A fairly hardy small deciduous tree characterised with a peeling papery bark, Steganotaenia araliacea is endemic to Limpopo and Mpumalanga. This small savannah tree can reach a mature height of 2 to 7m.

Leaves are spirally arranged, crowded near the ends of branches. When crushed, the leaves have a carrot-like aroma hence the common name ‘Carrot tree’. The yellow- green to grey bark has a waxy texture and it peels off in papery strips or rectangles. From October to November the tree produces greenish white flowers. The flowers attract many insects with their pollen and nectar, and these in turn attract insect-eating birds to the garden. The blooms are produced before new leaves emerge.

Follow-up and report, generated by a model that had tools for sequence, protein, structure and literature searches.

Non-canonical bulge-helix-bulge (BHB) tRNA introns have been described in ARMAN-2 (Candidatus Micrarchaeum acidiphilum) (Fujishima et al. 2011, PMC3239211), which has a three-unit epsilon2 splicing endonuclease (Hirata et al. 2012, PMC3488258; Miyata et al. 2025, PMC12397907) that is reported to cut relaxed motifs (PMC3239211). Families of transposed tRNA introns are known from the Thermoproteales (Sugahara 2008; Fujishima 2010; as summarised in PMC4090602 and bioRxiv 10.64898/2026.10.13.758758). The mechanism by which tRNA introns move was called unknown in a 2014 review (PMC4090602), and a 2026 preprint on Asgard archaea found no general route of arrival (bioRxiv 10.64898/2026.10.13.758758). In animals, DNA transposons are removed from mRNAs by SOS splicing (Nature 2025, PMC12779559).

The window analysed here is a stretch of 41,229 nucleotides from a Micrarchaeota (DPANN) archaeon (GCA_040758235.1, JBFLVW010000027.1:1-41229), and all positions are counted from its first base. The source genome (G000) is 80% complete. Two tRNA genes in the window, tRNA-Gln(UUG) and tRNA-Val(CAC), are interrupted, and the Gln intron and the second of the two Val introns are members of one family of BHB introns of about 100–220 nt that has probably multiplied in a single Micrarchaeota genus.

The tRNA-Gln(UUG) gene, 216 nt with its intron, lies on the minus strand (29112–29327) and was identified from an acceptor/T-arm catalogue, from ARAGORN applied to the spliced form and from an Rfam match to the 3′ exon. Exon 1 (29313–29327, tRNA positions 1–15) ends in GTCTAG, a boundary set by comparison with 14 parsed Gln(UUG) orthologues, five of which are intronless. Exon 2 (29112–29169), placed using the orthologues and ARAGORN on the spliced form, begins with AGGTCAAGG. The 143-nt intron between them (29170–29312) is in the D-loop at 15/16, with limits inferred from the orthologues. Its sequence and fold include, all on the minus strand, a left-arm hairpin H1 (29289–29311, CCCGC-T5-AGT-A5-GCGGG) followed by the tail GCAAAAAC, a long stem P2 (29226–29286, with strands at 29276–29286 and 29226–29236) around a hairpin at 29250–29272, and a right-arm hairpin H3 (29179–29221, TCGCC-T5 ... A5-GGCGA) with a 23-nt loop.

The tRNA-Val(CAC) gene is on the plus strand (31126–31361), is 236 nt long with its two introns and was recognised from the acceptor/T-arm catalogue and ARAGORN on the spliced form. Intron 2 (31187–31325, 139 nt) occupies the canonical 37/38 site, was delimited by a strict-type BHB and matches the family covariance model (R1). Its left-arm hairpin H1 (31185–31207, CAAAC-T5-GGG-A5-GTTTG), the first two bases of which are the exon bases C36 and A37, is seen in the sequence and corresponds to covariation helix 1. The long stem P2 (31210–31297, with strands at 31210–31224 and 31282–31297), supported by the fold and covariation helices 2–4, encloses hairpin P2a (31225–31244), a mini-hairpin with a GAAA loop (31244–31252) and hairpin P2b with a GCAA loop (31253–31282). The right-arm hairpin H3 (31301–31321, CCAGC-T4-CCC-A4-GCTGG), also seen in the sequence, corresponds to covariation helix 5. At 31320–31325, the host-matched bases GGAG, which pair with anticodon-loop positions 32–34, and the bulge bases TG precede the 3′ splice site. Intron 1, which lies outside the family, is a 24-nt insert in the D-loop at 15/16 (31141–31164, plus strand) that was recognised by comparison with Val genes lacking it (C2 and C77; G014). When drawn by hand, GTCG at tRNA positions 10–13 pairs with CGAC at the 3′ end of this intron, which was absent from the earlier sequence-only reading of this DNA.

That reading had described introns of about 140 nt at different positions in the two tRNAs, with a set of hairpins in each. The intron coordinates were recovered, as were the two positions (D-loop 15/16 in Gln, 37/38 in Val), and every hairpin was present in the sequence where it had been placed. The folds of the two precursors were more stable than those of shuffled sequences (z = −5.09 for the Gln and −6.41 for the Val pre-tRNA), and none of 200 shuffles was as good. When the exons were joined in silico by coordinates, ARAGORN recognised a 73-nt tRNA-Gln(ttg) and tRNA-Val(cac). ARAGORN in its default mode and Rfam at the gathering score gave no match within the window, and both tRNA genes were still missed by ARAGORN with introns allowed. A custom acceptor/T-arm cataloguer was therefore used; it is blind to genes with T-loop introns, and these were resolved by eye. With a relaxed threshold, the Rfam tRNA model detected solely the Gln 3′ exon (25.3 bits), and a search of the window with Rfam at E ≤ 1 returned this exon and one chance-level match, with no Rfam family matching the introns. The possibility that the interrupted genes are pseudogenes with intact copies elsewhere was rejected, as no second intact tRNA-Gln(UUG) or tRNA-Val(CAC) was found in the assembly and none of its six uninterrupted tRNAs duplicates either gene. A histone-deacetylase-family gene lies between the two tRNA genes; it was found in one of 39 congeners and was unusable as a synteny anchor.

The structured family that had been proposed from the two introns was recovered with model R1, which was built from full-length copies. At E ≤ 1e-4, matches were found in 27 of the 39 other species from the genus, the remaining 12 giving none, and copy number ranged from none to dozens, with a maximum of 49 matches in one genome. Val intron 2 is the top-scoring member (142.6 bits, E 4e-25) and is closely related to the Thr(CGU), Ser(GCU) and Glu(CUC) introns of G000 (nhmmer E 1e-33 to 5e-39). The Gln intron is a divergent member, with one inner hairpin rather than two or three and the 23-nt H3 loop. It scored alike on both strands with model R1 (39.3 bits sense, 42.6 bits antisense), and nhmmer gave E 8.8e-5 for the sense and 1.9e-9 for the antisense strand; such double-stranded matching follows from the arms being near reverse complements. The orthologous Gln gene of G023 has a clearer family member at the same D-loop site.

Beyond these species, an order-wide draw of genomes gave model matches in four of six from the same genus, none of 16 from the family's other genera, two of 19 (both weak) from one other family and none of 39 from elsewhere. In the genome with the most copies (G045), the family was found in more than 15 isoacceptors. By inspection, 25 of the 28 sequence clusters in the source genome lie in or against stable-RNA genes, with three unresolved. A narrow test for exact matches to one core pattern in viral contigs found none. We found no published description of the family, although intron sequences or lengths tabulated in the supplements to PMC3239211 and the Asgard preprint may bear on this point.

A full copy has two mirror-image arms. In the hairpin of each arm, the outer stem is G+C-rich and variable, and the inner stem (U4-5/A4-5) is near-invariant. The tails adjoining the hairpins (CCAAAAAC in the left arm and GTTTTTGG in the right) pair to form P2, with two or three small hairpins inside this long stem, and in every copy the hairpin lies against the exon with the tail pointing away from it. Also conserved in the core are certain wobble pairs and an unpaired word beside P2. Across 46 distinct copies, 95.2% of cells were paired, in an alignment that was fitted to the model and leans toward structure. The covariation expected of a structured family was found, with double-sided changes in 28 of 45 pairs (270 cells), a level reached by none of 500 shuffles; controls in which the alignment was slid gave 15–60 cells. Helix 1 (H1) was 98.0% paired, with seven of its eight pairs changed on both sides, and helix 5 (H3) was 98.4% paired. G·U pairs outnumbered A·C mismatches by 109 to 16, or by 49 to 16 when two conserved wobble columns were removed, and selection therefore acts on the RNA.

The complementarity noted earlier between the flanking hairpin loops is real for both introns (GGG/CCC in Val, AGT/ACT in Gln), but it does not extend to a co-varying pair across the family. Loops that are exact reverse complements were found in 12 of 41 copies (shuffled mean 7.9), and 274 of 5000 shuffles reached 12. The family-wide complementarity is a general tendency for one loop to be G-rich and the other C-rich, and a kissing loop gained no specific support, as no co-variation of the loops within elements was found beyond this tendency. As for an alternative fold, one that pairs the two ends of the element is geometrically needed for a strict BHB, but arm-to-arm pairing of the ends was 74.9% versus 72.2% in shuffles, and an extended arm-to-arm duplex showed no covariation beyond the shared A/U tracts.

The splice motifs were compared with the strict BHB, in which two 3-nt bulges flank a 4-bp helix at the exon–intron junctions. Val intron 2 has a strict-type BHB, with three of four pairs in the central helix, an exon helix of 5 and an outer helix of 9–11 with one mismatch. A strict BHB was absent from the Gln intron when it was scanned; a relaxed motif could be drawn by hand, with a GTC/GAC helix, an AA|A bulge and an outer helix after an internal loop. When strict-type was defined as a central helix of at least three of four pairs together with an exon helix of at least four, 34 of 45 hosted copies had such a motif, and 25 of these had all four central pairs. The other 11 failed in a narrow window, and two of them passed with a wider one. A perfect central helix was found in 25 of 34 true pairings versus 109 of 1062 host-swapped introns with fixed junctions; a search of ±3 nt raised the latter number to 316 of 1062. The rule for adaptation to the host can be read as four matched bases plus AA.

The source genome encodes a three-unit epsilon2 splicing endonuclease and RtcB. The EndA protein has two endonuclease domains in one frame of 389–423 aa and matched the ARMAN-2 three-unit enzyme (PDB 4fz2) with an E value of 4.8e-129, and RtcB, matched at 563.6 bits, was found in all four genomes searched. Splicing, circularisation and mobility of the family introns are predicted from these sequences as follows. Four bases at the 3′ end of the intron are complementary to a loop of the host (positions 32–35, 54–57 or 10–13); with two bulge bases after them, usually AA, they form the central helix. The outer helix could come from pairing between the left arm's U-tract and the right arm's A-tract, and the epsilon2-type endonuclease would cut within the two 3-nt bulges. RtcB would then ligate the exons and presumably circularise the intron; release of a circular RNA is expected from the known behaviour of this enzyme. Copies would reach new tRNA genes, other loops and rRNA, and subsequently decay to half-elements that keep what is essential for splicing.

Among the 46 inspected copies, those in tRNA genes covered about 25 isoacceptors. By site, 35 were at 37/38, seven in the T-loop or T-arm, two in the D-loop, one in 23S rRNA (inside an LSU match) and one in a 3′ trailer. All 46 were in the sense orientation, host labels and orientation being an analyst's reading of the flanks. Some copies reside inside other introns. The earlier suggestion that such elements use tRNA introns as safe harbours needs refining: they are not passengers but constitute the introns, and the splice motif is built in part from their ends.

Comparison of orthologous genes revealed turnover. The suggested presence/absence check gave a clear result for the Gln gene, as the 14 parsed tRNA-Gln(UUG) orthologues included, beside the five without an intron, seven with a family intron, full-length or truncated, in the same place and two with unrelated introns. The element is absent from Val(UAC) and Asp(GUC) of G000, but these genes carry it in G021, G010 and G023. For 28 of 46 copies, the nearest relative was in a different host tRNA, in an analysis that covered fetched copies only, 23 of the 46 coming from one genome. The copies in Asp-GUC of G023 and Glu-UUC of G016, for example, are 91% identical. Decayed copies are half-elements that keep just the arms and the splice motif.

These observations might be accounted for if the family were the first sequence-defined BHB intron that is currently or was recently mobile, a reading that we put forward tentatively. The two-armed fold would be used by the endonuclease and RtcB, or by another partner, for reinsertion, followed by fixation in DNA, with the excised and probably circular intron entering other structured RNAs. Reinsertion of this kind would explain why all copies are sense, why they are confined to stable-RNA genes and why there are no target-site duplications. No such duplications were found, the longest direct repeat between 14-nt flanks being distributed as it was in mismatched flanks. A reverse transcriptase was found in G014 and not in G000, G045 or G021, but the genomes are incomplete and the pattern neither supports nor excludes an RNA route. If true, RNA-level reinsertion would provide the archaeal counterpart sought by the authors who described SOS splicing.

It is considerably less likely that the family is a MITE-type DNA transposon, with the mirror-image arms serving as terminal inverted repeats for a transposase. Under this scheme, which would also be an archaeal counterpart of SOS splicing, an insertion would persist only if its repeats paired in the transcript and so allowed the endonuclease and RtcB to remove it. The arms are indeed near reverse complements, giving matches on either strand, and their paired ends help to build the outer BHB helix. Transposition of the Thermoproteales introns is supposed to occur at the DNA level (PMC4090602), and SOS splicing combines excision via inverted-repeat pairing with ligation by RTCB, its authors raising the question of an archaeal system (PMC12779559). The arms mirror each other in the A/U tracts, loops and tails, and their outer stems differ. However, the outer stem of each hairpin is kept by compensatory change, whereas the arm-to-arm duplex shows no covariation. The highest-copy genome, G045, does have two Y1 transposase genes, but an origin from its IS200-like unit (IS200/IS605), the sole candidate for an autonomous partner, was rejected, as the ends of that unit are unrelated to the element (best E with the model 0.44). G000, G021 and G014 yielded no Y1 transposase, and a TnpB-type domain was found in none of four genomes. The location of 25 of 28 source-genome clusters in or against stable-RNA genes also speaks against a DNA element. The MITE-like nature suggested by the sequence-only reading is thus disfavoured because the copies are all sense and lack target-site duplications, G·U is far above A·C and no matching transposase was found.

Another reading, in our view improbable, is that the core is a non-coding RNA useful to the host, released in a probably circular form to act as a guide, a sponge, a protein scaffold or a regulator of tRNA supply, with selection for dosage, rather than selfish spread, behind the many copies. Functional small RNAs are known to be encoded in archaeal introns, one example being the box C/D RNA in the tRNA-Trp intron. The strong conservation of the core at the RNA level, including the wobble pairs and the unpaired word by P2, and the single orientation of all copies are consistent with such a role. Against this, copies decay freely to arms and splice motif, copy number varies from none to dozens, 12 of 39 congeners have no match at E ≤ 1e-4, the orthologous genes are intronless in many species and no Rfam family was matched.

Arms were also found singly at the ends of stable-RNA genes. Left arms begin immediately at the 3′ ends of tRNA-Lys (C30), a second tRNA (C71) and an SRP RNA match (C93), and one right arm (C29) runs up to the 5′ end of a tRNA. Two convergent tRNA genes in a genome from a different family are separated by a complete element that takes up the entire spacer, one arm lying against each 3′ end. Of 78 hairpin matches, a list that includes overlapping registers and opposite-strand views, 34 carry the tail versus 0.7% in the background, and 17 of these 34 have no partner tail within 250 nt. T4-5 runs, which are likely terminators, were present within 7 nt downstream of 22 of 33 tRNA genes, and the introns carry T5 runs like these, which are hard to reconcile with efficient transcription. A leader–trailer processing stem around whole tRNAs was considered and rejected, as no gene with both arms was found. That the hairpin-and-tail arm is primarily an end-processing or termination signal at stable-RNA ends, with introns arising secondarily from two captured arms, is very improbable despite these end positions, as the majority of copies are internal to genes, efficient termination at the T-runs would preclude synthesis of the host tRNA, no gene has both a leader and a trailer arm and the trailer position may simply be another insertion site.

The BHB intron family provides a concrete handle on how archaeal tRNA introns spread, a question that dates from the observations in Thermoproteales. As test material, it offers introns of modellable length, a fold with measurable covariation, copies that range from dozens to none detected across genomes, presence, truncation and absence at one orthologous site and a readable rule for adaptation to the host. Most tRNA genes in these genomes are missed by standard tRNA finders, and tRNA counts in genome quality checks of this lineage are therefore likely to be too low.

It is an exceptionally drought-resistant plant, but it can also be grown in areas of high rainfall if the soil is well drained. This tree has medicinal value, the roots are used in treating snake bites and painful chest conditions. The Carrot tree is an ideal addition to a rockery or succulent garden. The tree is sometimes grown as a hedge. It is considered to be an important species for use in soil conservation projects. Steganotaenia araliacea is fairly drought and cold tolerant but sensitive to frost.